Skinned, Pickled and Stripped: Old-Fashioned Zoology in Lausanne

Cantonal Museum of Zoology, Musée cantonal de zoologie, Palais de Rumine, Lausanne, Switzerland

I think it’s only fair to state at the outset that I don’t really like looking at stuffed animals. Or bits that have been pickled in jars.  Or bones.  It just makes me feel quite nauseous.  But I know that lots of people find it interesting, and some people, like Sister Chickpea, have a fascination with aspects of nature that I find repulsive, so I don’t judge others.  I just don’t like it.

Spread over two galleries, the museum is stuffed full (pun intended) of animals.  The effect that they’ve gone for is an old-fashioned, 19th century setting, presenting rows of animals in glass cabinets just as they would have been in the past.  In fact, many of the skeletons and creatures in jars were used for educational purposes in the university.

There are apparently 25,000 vertebrates in the museum, and the original collection is added to with animals which die in zoos or are randomly found, dead.

The floor of the Cantonal Museum of Zoology, Lausanne, Switzerland

The floor of the Cantonal Museum of Zoology, Lausanne, Switzerland

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Explaining evolution in the Cantonal Museum of Zoology, Lausanne, Switzerland

A really quite fresh looking tiger with cross-eyes, Cantonal Museum of Zoology, Lausanne, Switzerland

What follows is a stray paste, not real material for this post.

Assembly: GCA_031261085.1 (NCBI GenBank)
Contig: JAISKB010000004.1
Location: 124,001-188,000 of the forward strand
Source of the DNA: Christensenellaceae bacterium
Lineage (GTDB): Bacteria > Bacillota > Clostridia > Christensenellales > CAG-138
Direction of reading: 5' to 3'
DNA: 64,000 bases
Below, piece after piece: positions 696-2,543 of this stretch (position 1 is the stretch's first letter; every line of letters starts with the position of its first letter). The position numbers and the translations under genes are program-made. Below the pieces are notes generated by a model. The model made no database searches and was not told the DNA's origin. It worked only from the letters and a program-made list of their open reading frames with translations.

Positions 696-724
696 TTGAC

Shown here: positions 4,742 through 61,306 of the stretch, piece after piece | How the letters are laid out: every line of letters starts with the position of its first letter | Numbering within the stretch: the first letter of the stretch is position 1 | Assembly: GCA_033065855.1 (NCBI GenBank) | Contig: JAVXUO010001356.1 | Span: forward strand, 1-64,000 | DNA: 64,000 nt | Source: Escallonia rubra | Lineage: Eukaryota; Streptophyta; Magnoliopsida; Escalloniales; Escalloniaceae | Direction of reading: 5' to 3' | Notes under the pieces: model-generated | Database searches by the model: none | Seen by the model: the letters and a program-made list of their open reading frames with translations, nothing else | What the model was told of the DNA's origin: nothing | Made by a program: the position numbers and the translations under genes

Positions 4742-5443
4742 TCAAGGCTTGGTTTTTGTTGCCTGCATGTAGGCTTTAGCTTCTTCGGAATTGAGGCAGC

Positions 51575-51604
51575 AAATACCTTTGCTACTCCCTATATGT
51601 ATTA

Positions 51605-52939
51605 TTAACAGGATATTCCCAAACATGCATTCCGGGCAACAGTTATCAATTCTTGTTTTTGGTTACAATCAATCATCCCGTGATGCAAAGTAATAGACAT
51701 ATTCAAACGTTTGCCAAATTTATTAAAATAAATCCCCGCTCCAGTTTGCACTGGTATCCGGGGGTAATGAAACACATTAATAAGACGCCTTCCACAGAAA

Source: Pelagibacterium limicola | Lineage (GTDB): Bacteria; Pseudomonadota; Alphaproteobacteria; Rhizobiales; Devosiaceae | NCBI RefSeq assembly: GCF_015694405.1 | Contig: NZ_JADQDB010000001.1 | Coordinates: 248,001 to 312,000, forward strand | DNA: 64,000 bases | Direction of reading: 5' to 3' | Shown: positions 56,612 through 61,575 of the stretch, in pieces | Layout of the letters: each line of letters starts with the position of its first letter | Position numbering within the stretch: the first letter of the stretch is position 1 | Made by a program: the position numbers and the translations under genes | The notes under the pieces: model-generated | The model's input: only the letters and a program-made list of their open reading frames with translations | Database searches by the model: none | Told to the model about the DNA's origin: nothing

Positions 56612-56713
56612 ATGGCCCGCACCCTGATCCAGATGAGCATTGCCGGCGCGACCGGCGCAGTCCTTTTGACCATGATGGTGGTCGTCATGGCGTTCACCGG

A really quite fresh looking tiger with cross-eyes, Cantonal Museum of Zoology, Lausanne, Switzerland

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So many stuffed birds, Cantonal Museum of Zoology, Lausanne, Switzerland

An extremely anxious wallaby, Cantonal Museum of Zoology, Lausanne, Switzerland

An extremely anxious wallaby, Cantonal Museum of Zoology, Lausanne, Switzerland

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The Jungle Posse are comin’ to getcha, Cantonal Museum of Zoology, Lausanne, Switzerland

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Chinese dragon from Ai Weiwei installation protecting birds, Cantonal Museum of Zoology, Lausanne, Switzerland

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Army of animal skeletons, Cantonal Museum of Zoology, Lausanne, Switzerland

So In Summary

If you like your animals unresponsive, this is the place for you.

Further Information

Like the other museums within the Rumine Palace, entry is free.  The information is only available in French.

The museum was filled with little children who were gazing with fascination at various animals, so I guess it’s a child-friendly place.  My favourite moment was seeing a child point at a seagull excitedly, saying, “Peacock!”

The museum has its own website, which is in French only: www.zoologie.vd.ch

How To Get There

Please see the entry on the Rumine Palace for information.

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